The more detail you use, the more believable your characters become.

Every element of a book is important since all elements that are being used need to come together in a way that makes the audience believe that the story is worth more than just reading, it’s worth believing in. The setting, the tone, the look and feel of the different areas that come together to make the story what it is, all of it makes a difference since all of it has to do with pushing the story forward and creating something that people will want to know more about.

But the characters are what will really drive your story, since the setting and the tone won’t deliver the tale on their own.

So, how do you create a character?

It’s exceedingly simple, but the details that will go into it can make things so much harder than they need to be. Some people try to flesh their characters out too quickly, and in doing so they rush things and their character isn’t given the proper time and space to develop. It sounds a bit silly to some folks, especially since these are fictional characters we’re talking about. But if your character doesn’t sound real enough for the story they belong to, then you won’t find yourself with a clear and detailed individual that people can see, hear, and understand. That last part might not need to come for a while, since twists and turns in your story might change your mind as to the nature of your character. But having a grounding point from which to work is important since as the author, you should know everything there is to know about your character.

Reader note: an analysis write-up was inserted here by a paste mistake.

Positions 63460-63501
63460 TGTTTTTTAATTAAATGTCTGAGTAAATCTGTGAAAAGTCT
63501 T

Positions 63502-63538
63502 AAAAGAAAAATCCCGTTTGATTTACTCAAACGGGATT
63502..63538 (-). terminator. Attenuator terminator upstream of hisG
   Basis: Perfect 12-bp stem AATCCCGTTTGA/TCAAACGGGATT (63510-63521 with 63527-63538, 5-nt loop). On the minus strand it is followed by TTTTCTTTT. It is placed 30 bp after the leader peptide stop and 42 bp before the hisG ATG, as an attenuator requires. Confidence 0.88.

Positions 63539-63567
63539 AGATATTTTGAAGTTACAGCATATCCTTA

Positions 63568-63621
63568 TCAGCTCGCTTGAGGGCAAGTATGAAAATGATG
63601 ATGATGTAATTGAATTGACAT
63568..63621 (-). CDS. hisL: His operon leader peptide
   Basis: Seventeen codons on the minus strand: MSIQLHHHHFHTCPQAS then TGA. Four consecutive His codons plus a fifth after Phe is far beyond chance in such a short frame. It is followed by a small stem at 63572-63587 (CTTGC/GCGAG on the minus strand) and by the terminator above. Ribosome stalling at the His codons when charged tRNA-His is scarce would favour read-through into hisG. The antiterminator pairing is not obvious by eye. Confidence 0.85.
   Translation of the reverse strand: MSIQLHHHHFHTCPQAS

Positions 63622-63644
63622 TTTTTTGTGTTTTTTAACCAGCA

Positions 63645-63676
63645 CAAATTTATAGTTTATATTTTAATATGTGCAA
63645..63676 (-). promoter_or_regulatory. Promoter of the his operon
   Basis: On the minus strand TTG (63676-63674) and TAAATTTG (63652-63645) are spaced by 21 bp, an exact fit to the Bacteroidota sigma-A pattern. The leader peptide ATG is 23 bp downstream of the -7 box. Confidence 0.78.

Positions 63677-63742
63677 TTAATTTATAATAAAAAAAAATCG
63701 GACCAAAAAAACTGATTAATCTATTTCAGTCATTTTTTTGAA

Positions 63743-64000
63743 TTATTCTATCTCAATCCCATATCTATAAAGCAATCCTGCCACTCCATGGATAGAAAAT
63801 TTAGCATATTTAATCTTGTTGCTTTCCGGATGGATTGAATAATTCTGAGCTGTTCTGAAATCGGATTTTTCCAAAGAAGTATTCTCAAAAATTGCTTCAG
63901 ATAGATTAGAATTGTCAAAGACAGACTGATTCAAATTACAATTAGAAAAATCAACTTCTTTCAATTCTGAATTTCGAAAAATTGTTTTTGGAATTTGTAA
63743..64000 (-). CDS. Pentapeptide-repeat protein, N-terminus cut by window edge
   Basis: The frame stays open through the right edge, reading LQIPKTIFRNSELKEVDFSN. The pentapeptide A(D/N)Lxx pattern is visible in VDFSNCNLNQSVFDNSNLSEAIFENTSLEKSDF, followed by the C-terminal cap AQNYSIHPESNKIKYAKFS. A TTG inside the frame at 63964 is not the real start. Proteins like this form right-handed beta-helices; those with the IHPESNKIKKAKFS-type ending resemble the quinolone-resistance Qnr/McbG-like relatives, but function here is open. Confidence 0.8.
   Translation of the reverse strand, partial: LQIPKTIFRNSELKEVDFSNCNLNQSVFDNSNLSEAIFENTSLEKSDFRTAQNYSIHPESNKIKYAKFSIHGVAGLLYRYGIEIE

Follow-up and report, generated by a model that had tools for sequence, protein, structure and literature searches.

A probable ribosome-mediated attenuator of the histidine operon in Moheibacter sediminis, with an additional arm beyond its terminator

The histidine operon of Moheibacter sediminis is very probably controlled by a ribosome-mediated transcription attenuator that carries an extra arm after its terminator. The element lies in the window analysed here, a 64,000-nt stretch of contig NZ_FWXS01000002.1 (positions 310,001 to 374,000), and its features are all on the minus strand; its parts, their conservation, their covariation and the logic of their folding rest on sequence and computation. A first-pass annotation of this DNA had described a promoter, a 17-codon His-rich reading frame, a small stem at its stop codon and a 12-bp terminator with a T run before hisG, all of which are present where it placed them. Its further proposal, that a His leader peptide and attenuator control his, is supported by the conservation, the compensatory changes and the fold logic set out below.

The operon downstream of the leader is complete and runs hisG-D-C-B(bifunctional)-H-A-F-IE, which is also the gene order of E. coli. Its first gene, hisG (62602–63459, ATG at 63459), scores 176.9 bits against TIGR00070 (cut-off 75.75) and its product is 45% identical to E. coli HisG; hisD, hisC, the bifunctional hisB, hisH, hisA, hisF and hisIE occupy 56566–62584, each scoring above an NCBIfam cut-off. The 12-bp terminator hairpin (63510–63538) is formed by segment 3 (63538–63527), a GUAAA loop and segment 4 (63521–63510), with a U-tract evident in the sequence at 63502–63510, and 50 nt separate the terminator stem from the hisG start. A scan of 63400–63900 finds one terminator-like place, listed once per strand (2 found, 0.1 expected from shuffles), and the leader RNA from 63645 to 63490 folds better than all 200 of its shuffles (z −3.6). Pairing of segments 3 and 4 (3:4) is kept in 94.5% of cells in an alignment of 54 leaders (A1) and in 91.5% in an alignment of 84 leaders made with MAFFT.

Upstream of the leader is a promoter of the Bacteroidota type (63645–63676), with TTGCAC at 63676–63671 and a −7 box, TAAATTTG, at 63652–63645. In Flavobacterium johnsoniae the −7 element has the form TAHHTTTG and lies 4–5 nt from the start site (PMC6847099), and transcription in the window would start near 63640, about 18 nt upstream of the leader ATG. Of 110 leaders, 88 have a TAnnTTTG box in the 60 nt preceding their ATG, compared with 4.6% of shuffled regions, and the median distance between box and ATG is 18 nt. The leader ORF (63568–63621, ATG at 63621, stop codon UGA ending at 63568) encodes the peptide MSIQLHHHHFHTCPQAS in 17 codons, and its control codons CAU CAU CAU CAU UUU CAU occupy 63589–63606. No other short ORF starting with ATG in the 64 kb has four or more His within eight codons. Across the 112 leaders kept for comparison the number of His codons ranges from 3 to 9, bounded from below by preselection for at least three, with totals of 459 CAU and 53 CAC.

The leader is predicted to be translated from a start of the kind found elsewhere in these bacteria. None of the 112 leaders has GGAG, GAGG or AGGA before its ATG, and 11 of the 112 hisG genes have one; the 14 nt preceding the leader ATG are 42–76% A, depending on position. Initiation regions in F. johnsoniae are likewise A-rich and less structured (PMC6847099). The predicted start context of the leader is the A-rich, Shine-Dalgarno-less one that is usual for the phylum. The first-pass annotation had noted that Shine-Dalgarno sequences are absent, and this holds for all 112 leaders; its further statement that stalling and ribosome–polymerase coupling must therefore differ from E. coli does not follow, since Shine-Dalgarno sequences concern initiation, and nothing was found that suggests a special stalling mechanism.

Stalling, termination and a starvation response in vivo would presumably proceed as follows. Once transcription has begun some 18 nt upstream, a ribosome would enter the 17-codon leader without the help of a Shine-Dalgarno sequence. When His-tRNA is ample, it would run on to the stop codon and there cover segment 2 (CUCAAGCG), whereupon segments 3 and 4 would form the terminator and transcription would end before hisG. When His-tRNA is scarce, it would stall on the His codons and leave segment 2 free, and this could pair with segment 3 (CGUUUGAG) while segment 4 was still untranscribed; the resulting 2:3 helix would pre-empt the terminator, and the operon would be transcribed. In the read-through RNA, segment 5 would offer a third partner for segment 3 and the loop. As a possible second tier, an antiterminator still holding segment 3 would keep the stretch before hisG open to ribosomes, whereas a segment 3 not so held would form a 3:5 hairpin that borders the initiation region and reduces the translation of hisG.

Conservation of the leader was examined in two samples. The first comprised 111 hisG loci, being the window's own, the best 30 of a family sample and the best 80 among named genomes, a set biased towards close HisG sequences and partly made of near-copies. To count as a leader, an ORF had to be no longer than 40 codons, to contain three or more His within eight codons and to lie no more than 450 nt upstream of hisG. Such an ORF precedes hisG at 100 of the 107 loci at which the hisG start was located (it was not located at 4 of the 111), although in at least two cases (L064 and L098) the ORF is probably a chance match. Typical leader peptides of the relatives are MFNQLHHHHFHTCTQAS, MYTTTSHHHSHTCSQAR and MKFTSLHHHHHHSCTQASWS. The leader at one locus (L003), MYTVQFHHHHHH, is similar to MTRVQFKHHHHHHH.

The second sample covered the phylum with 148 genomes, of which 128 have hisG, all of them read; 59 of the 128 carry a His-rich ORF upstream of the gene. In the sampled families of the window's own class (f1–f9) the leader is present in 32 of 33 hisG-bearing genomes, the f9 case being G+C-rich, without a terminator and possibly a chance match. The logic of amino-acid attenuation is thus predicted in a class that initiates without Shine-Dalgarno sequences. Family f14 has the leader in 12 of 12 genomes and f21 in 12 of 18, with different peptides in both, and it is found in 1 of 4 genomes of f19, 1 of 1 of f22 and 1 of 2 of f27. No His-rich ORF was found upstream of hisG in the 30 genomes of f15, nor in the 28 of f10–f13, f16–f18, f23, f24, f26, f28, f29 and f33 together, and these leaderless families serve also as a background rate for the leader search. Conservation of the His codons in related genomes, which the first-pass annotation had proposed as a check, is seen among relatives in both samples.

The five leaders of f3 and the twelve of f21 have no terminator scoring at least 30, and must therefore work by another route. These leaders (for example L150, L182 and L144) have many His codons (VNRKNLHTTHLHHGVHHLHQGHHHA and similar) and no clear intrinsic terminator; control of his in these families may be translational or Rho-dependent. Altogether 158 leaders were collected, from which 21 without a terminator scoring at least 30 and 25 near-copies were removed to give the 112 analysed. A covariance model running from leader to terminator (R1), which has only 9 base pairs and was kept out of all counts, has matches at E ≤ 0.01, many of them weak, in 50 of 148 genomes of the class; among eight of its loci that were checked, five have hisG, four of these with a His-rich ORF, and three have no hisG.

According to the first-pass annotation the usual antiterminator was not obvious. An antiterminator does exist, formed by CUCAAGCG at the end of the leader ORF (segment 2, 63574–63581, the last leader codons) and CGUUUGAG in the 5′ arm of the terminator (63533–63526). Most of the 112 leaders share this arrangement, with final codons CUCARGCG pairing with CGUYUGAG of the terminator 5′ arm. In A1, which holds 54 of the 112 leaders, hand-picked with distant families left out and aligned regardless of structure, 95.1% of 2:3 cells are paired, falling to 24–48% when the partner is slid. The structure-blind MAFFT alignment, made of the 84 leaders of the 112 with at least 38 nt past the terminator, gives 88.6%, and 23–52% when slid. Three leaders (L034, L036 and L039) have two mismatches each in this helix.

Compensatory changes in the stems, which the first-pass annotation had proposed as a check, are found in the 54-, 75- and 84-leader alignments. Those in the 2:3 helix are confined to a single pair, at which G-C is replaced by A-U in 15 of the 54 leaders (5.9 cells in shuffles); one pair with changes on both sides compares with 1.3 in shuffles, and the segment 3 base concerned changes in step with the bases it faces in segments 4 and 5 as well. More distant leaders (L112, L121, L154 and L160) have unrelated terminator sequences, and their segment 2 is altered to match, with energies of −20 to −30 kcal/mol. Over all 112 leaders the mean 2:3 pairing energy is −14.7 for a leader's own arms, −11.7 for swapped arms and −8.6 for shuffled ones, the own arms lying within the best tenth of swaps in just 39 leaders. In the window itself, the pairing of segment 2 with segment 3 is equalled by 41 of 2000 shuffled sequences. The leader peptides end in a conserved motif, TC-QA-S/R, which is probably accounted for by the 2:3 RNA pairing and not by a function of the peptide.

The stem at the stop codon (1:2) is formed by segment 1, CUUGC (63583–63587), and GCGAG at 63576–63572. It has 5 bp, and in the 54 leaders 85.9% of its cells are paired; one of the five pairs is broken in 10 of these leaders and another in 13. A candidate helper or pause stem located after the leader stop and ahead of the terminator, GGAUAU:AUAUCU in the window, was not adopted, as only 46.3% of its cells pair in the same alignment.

The basics of creating a character need to be addressed. Without the basics you have a ghost with a few vague descriptions to go on.

Most authors already know this, but there a few very basic pieces of information that need to go into your characters to get the ball rolling, such as:

  1. Appearance: Are they short, tall, medium height? What’s their hair color, their skin color? Do they have a noticeable characteristic that sets them apart? Do they wear one type of clothing or many different types?
  2. Personality: Are they serious, snarky, or timid? Do they get along with others, or are they social outcasts? There are a lot of different personality types out there, but assigning or or two to your character is a wise move.
  3. Lifestyle/Culture: Are they cisgender, or are they part of the LGBTQ+ community? Are they immigrants? Are they native to their homeland? These are tidbits that go deeper into a character’s past and identity, and might even be called controversial, but it’s worth taking the time to develop.

Oh, don’t worry, there’s much more to come, but for now, think about these things and how you want to apply them.

Leave a Reply

This site uses Akismet to reduce spam. Learn how your comment data is processed.